Co-ownership deals figure prominently in Italian football, but are rare, if not non-existent, in other leagues around the world. Although Serie A clubs have until September to finalize transfers, the fate of co-owned players will be decided by Friday.
What happens to a player co-owned by two clubs?
The destiny of all co-owned players will be decided Thursday and Friday, as an intro to the "real" transfer stories of the summer. Co-ownership deals are, as the name suggests, deals in which two clubs own 50% of the economic rights for the player, although wages aren't necessarily payed by both clubs. Now the clubs must decide what happens next - does one buy the player entirely? Or do they attempt to delay the decision for another year?
Clubs have until 8 p.m. CET Thursday to reach agreement. If agreement isn't possible, the process called le buste (which literally translates as "envelopes", and means blind bids) will start Friday at 11 a.m. The clubs involved make secret bids for a player, and the player ends up being fully owned by the club making the higher offer. If both clubs make the same offer, or if both clubs offer no money at all, the player ends up being owned in full by the club he played for last season.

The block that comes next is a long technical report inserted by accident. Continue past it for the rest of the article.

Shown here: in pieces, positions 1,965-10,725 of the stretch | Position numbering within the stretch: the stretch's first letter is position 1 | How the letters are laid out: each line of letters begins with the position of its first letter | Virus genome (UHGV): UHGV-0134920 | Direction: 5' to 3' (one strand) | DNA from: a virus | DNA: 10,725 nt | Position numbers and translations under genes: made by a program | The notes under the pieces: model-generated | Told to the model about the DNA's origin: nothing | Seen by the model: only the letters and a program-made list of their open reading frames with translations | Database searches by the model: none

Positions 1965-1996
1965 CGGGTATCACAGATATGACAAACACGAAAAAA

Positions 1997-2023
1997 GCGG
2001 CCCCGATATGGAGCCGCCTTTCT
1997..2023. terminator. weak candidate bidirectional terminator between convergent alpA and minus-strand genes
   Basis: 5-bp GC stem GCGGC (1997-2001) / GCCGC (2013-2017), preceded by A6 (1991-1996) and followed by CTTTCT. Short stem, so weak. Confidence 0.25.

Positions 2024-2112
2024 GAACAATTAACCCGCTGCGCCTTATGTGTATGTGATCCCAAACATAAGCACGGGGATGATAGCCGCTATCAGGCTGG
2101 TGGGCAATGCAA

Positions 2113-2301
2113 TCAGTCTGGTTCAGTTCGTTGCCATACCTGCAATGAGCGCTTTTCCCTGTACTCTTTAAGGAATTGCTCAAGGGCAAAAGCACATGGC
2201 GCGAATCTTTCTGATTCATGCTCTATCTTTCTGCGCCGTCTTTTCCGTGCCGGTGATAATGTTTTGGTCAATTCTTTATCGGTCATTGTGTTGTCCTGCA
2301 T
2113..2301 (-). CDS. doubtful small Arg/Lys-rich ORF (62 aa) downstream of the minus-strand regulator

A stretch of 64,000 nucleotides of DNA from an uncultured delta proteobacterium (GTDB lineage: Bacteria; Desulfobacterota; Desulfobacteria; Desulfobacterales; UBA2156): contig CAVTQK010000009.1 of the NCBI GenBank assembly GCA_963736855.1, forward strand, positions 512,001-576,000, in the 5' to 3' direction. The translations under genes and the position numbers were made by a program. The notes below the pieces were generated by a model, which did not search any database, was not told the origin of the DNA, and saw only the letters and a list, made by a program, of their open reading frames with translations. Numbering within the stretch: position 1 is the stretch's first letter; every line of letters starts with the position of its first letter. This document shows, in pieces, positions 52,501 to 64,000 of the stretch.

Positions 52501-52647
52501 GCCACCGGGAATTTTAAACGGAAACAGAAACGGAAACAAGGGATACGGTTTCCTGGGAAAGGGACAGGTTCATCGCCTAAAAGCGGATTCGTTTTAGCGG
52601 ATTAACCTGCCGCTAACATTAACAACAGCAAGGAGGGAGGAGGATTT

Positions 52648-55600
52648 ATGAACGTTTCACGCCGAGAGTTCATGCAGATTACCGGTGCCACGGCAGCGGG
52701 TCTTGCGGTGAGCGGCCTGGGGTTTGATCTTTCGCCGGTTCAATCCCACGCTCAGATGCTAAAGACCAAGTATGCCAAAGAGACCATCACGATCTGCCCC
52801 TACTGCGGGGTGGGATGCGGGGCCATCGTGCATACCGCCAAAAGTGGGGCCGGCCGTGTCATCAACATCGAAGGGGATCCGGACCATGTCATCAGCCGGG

The most interesting deals
Perhaps the best player in Inter Milan's disappointing season, goalkeeper Samir Handanovic, is now completely owned by the nerazzurri. Pablo Armero, who joined Napoli on a co-ownership deal from Udinese in January, is now 100% owned by his new club and will likely be an important part of Rafa Benitez's team.
AC Milan and Genoa decided to renew the deal for Kevin Constant for another year. Others in the same situation include Jonathan Biabiany (plays for Parma, owned in half by Sampdoria), Paolo Baretto (Torino/Udinese), Ciro Immobile (Genoa/Juventus), and Alberto Paloschi (Chievo Verona /Milan).
Two very important, although unsurprising new deals were made recently - Juan Cuadrado, who was on loan to Fiorentina from Udinese, is now co-owned by the two clubs, while the same deal was made for Italian national Antonio Candreva, who is now half owned by Lazio where he was on loan, also from Udinese.
Keep an eye on
The most interesting co-ownership arrangement, most likely to be decided by blind bidding, involves Alessio Cerci, likely the best player for Torino last season, but co-owned by Fiorentina. Fiorentina might have to go through the blind bidding process for Nenad Tomovic, though securing 100% ownership of the defender should be simpler than beating out Torino for Cerci.
Another interesting and as-yet undecided deal is that of Vasco Regini (Empoli/Sampdoria), an Italian Under-21 player who has attracted the attention of some of the bigger clubs, including Inter and Milan.